OPT signs of lung cancer. Don't ignore them!

Lung cancer kills a man every 18 seconds. 90% of patients have this in common

Diagnosing lung cancer is difficult because its symptoms may be confused with those of a persistent cold or cough caused by smoking. In most cases, the condition is diagnosed when metastases are already registered.

However, there are early signs that can dread the dreaded disease.

1. Joint pains

Scientists at Prato Hospital in Italy studied between 2000 and 2005 a number of 296 patients with knee pain and inflammation, finding that these symptoms may be associated with lung cancer. All patients were middle-aged men, chronic lifetime smokers, and it was demonstrated that in approximately 2% of patients, lung cancer was associated with arthritis of the knee, and after cancer was eliminated, knee pain disappeared. According to data from the American Cancer Association, about 85% of lung cancer cases belong to cell carcinomas, which are difficult to treat, and in one fifth of the cases, the disease spreads to the bones. "Coastal pain is usually an early sign of cancer and this facilitates diagnosis and treatment," said Dr. Giuliano Gros of Prato Hospital.

2. Falling eyelids

Falling eyelids may be a sign of facial paralysis, which results from a herpes virus that blocks the signals that the brain sends to the muscles of the face. Less commonly, fallen eyelids may indicate lung cancer.

3. Swollen fingers

Fingers with swollen toes can be a sign of lung cancer. The substance PGE2, which causes inflammation of the lungs, is secreted in excess of which the tumor, accumulates in the fingers and causes their inflammation.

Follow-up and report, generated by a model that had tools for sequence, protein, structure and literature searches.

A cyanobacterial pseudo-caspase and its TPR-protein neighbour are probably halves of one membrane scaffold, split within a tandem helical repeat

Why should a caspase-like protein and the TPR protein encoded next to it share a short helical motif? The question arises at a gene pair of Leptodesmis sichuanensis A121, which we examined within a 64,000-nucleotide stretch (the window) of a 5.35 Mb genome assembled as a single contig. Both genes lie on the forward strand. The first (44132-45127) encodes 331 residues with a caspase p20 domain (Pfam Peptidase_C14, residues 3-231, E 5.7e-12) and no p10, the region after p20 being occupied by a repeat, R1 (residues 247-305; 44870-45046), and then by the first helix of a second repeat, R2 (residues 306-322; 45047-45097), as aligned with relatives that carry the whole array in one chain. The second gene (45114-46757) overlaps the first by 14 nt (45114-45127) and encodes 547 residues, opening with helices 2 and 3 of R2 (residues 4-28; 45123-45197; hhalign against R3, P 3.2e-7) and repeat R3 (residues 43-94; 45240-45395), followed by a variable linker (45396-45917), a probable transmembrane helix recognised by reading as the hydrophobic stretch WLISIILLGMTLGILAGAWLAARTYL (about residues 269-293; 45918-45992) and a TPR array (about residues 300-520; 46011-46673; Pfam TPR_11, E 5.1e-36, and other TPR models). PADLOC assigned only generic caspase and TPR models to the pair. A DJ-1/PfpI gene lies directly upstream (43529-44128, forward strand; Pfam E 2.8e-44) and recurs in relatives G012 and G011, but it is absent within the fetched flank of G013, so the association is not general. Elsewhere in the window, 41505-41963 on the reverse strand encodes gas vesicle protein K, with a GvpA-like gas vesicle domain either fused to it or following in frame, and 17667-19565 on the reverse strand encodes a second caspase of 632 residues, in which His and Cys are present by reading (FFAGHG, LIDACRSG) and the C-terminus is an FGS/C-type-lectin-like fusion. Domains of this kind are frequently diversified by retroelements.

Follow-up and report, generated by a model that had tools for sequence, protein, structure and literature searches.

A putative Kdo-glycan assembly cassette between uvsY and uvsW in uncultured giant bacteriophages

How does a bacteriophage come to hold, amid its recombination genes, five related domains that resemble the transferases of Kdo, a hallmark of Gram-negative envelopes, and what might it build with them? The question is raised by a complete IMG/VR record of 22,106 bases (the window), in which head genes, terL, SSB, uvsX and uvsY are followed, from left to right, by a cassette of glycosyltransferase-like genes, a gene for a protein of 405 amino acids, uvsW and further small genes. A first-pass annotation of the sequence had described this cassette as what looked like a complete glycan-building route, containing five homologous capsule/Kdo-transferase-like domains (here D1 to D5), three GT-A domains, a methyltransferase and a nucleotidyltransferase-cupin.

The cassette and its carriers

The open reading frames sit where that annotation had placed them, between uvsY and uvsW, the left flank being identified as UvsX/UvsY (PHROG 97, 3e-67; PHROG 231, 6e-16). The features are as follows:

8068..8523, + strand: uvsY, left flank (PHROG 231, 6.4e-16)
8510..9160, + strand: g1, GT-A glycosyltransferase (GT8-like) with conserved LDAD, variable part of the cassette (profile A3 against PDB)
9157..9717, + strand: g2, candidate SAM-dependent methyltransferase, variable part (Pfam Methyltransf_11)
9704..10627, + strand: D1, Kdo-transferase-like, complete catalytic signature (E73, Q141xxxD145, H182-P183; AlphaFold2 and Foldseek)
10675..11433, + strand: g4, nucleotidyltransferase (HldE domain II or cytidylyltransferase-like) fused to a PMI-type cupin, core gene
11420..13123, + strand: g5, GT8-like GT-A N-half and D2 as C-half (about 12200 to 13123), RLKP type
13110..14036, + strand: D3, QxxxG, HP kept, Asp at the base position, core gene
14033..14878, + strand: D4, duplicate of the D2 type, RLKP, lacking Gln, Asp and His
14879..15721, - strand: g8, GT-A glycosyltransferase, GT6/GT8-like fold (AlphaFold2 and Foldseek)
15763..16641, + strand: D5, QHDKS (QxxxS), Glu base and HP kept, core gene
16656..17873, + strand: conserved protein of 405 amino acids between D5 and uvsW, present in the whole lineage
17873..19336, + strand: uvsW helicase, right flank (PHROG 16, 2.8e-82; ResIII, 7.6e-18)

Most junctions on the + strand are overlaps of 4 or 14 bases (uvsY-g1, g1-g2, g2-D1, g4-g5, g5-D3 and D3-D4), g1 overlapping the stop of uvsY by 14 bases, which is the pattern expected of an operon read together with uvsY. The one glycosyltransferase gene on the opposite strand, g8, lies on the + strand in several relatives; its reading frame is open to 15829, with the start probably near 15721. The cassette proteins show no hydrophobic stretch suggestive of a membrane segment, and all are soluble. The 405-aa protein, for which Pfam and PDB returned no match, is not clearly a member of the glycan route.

4. Cough

Persistent coughing, especially in the absence of an obvious reason, such as cold or flu, is a warning sign.

5. Difficulty breathing

It is a symptom that appears late and usually signifies the obstruction or compression of a large bronchus. It may be accompanied by wheezing that does not disappear after coughing.

"It is good to have an x-ray if you have the following symptoms: cough, blood sputum, chest pain, dyspnoea, pneumonia or repeated bronchitis, fatigue, lack of appetite, unexplained weight loss, hoarseness, sweating of the face and neck", explains the pulmonologist Magdalena Ciobanu.

6. Chest pain

It may have a variable location and intensity, but it is always persistent in symptomatic treatment.

7. Expectoration with blood

It is the most alarming symptom for the patient. It is usually in small or medium amounts and occurs when ulcerative lesions of the bronchial mucosa develop.

8. Change of voice

It is normal to have a rough voice when you are cold, but if it happens without a cause, you must go to the doctor.

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